Men Can Stop Rape
Contact Name: Dr. Pat McGann
Phone Number: (202) 265-6530
E-mail: [email protected]
Key Words: (1) Male only; (2) high school and college age; (3) racially diverse; (4) university, high school, and community-based setting; (5) environmental change models
This community-based program targets both high school and college-aged males. It serves about 4,000 racially diverse students nationally through the local high school programs and the national college programs. Some of the Men Can Stop Rape (MCSR) programs, especially the Men of Strength (MOST) Clubs, involve work with young men from at-risk groups, such as the Boys and Girls Clubs. Recruitment of the high school and college programs occurs through indirect and direct outreach. Through the organization’s materials, web site, monthly newsletter, outreach packets, and school contacts, youth-serving professionals learn of the resources MCSR has to offer and invite the organization to conduct workshops and form MOST Clubs.
Medium used to convey message
The Strength Training Program (STP) offers a variety of activities and services, including Awareness to Action workshops, MOST Clubs, Community Strength projects, and the Strength Campaign.
The Strength Campaign, an original PSA and outreach project, was launched locally in 2001. It includes bus advertisements, posters in local high schools, a mini-magazine, guidebooks for school personnel, and workshops in the schools. The Campaign will be launched nationally in 2003.
Awareness to Action workshops and MOST Clubs involve discussions, role plays, and exercises, with a focus primarily on exploring men’s role in preventing men’s violence and on positively redefining traditional masculinity.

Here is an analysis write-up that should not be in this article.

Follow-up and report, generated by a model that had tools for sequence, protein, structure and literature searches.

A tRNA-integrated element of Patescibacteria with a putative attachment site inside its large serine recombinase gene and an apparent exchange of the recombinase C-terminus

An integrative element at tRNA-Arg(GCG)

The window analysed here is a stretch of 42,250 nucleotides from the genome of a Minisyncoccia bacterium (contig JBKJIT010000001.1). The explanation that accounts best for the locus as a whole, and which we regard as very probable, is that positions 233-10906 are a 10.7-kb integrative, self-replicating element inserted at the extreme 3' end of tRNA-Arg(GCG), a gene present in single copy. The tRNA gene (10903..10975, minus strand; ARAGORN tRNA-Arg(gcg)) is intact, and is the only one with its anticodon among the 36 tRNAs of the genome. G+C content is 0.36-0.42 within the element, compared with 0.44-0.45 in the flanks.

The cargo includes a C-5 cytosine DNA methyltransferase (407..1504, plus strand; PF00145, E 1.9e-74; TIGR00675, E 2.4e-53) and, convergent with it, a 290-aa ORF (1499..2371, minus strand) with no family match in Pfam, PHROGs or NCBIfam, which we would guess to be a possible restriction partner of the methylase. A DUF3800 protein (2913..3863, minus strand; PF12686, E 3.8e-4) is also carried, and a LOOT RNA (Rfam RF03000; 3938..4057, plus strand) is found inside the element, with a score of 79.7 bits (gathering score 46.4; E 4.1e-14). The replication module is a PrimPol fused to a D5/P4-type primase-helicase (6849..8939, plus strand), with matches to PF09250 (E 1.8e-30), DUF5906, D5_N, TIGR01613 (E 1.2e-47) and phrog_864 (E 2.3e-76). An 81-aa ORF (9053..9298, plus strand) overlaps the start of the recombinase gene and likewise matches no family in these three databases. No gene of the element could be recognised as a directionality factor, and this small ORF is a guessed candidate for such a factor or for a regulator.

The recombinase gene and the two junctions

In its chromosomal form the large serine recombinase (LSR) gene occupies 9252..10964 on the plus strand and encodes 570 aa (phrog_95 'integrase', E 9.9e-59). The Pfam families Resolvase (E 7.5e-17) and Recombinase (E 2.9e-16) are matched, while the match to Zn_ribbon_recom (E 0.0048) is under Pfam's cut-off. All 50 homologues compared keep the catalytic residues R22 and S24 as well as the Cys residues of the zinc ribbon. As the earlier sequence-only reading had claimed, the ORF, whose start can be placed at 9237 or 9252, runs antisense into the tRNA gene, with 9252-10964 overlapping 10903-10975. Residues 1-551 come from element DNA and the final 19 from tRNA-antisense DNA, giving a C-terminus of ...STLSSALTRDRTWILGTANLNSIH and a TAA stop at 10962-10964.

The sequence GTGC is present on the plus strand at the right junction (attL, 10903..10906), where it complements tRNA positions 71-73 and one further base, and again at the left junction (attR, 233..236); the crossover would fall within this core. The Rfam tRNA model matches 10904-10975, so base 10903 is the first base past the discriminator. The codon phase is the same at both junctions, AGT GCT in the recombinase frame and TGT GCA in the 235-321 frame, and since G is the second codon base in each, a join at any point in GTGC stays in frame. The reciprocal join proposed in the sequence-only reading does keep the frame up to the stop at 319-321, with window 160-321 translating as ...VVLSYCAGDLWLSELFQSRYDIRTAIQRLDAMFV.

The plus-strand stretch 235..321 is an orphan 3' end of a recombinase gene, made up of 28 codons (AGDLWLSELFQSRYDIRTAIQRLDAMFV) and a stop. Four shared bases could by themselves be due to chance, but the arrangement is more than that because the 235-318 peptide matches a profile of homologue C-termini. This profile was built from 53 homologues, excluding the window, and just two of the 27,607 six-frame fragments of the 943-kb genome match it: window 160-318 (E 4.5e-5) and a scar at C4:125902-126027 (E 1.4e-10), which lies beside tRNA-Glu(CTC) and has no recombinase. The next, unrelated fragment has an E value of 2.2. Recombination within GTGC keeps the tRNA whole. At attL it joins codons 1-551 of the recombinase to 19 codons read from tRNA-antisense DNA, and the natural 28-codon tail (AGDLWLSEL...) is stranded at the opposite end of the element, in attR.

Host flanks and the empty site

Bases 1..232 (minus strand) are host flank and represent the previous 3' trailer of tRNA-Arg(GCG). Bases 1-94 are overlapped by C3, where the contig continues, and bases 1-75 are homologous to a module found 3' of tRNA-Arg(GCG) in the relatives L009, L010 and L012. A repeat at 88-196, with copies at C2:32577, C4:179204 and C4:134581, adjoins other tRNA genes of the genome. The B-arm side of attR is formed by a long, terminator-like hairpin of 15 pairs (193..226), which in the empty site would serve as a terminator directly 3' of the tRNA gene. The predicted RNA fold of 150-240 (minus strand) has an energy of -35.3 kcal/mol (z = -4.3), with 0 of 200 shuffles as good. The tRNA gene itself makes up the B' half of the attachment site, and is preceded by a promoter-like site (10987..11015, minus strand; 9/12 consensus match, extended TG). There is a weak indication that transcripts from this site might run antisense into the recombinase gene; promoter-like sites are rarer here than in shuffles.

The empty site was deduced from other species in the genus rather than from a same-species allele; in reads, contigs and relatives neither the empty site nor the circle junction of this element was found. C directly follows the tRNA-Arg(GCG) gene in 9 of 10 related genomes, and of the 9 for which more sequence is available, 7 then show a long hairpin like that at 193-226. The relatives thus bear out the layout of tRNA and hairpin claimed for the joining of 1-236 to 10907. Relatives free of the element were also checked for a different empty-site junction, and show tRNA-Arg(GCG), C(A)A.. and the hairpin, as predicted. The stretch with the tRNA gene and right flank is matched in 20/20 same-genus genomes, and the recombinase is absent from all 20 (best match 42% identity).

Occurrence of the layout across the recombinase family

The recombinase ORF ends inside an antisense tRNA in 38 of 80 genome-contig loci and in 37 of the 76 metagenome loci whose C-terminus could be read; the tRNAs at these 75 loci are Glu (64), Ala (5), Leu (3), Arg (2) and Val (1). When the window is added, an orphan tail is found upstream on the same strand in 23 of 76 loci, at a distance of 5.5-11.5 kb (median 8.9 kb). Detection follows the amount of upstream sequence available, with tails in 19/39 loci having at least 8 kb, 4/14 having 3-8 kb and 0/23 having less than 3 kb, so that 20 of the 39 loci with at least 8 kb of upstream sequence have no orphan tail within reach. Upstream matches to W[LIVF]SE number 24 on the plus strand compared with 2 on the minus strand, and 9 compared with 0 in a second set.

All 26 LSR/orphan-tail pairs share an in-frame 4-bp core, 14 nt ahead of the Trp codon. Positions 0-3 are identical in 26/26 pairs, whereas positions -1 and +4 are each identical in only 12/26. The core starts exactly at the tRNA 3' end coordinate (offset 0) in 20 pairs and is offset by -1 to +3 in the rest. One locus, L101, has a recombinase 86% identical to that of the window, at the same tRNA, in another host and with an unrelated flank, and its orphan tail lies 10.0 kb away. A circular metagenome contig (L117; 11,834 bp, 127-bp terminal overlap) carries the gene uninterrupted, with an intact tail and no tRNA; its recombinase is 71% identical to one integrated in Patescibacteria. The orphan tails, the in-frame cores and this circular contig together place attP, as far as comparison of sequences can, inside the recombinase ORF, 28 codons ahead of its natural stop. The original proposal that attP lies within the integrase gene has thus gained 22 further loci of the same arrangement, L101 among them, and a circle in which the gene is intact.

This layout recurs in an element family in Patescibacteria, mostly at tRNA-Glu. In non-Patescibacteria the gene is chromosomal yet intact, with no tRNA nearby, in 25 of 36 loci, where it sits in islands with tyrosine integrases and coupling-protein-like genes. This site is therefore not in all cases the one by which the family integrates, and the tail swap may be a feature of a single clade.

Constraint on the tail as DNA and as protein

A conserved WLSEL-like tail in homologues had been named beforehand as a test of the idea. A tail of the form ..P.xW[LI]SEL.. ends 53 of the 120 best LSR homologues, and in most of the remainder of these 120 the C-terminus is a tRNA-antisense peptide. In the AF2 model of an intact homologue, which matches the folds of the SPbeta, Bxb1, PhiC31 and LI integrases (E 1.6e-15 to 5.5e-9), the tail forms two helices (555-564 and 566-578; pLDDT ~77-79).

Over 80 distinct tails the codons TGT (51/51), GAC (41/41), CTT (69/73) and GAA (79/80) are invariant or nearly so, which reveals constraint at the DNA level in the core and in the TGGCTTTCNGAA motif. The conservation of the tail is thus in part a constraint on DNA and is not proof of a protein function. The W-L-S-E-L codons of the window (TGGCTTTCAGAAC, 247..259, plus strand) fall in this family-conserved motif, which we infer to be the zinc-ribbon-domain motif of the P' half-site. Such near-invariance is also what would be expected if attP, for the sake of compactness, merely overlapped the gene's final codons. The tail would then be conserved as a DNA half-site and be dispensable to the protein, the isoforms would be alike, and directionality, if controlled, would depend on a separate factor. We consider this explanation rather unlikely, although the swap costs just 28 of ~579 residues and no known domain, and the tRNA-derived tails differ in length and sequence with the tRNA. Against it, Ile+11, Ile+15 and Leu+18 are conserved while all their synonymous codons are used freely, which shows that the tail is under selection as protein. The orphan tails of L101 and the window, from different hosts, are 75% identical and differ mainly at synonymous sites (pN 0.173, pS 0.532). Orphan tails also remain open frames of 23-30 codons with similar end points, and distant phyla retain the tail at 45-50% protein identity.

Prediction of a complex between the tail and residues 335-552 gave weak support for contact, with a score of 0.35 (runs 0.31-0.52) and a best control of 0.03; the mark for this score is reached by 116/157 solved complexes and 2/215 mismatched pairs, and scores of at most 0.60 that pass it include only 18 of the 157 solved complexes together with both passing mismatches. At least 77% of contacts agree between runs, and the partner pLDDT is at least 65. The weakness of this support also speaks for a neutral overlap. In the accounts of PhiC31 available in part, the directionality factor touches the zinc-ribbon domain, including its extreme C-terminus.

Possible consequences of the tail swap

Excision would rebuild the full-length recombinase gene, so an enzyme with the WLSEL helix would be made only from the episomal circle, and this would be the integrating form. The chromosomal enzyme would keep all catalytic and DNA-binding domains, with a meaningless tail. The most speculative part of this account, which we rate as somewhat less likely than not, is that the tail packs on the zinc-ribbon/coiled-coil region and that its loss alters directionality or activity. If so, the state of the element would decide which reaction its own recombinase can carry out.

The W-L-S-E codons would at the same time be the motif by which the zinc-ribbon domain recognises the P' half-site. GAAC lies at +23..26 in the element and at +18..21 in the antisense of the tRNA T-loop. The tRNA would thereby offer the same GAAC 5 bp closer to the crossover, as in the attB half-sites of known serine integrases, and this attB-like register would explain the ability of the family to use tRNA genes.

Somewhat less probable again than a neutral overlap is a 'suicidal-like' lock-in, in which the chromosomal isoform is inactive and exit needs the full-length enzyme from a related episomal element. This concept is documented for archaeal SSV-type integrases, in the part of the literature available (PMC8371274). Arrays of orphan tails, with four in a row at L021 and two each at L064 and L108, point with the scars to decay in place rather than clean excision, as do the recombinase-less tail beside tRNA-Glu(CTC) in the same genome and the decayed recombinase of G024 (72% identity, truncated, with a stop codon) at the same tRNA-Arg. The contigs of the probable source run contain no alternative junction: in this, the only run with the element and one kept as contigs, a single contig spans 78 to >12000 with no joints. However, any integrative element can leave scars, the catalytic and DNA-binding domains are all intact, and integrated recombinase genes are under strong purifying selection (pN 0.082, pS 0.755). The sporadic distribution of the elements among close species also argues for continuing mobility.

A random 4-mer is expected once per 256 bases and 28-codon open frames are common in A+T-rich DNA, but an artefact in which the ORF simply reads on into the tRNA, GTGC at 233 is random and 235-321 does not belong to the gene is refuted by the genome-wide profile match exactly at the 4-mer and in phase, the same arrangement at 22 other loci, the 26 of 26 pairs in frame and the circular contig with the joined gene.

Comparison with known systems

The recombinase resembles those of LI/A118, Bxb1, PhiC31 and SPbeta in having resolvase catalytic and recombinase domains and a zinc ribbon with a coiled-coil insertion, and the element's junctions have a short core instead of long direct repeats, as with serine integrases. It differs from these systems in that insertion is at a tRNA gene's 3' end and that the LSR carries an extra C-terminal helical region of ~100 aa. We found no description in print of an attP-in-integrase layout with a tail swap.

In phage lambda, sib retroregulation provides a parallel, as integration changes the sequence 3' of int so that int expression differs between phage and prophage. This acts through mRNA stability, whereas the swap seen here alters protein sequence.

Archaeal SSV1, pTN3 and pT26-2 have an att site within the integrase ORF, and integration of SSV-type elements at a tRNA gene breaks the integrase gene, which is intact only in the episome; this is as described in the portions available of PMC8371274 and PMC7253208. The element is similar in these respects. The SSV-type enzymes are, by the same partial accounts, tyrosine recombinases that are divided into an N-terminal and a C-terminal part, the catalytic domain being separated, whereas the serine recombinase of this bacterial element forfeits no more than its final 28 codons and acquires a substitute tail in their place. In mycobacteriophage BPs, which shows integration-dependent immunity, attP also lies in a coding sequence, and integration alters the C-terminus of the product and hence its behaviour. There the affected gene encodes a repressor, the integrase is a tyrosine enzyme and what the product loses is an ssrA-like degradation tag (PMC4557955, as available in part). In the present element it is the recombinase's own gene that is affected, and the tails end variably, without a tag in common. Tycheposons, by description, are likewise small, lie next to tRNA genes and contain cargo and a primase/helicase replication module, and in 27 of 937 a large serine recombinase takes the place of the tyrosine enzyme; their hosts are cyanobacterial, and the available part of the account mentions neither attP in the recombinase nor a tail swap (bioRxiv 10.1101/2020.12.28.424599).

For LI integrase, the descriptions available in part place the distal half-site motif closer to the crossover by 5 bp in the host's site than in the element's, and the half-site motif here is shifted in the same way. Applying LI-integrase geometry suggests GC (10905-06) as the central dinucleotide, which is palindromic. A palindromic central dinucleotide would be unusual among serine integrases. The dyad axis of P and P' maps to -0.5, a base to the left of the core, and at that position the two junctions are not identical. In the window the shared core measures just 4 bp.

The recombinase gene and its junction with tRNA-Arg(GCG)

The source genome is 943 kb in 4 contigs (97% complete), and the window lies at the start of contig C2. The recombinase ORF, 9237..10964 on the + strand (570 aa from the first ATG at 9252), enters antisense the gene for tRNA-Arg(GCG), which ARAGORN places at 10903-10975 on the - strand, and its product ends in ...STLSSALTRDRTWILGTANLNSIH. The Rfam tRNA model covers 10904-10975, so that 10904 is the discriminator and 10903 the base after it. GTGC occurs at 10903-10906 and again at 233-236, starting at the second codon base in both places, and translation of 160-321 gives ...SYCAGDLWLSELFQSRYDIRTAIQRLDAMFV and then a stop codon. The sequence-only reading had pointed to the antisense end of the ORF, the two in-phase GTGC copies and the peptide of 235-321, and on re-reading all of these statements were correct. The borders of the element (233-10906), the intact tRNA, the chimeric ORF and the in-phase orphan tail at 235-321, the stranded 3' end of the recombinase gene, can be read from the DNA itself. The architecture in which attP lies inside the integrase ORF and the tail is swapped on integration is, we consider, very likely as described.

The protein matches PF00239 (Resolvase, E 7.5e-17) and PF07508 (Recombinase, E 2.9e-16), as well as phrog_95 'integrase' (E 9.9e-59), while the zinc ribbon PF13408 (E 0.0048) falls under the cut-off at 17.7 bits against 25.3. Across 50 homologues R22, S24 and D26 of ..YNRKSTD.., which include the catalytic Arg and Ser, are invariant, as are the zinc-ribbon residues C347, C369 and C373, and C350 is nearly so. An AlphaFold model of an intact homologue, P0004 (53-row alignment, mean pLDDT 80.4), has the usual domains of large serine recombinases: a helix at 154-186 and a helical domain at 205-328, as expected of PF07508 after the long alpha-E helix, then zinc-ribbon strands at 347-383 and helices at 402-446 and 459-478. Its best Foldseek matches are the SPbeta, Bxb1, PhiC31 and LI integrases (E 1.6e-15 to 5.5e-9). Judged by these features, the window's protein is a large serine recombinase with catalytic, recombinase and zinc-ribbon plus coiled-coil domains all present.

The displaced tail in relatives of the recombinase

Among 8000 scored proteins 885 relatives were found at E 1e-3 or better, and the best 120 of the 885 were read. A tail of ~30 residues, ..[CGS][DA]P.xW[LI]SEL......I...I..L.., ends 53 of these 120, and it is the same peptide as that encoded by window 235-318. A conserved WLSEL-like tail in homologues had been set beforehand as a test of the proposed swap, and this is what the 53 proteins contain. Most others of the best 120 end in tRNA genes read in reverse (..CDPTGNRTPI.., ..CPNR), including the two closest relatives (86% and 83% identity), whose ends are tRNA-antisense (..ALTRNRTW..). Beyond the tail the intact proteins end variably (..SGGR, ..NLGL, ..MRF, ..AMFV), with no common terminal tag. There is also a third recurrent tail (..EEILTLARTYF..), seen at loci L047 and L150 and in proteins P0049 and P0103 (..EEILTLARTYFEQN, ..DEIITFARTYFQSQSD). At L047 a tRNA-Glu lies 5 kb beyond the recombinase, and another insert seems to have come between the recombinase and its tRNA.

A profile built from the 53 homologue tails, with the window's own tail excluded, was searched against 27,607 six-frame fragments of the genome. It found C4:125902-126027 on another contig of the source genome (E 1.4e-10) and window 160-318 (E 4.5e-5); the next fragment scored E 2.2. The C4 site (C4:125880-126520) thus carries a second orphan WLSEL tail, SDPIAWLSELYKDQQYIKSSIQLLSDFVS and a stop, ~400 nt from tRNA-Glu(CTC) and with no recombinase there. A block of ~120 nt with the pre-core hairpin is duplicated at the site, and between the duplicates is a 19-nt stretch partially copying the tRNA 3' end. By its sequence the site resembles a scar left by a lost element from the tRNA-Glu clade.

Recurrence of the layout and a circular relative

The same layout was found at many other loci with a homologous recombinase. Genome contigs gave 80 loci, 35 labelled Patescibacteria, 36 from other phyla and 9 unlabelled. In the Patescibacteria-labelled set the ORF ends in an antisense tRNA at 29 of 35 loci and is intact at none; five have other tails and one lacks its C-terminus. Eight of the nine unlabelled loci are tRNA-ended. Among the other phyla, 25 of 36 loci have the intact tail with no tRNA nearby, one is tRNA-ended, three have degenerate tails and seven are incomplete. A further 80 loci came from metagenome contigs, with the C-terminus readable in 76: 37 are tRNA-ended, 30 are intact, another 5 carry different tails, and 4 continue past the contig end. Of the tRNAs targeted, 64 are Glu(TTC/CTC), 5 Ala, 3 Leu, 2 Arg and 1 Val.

Goals, objectives, and desired outcomes
The program exists to move young people from bystander to activist in the struggle to prevent rape and other forms of men’s violence. Its specific goals are as follows: (1) to educate young men about their role as allies with women in preventing dating violence; (2) to promote positive, nonviolent models of male strength; and (3) to empower youth to take action to end dating violence, promote healthy relationships based on equality and respect, and create safer school communities.
Theoretical/ scientific basis for the approach
The Strength Training Program is grounded in an environmental change model that provides the blueprint for moving individuals and groups from the passive role of bystander to the active role of social change agent.
Level of evaluation
The program has not conducted much in the way of formal evaluation. Staff have conducted a series of pre- and post-test measures for the Strength Campaign workshops, which showed very positive results. The program has been in existence since 1997.
There are five staff members, two of whom primarily conduct education/outreach. Staff members deliver MCSR workshops, sometimes with assistance from peer educators. The staff members receive regular training, and the peer educators complete a special training program. A board member donated evaluation consulting work for the Strength Campaign.
Approximately 40 percent of the funding for this program comes from foundations, but this percentage has been dropping. The economy has made funding from foundations unstable, but MCSR is increasing its fee-for-service activities to counter this problem.
For more information about Men Can Stop Rape, listen to our PreventConnect podcast featuring Dr. Pat McGann’s keynote speech for the 2011 Roots of Change Conference in Portland, OR.
What Men Can Do: Information sheet from Men Can Stop Rape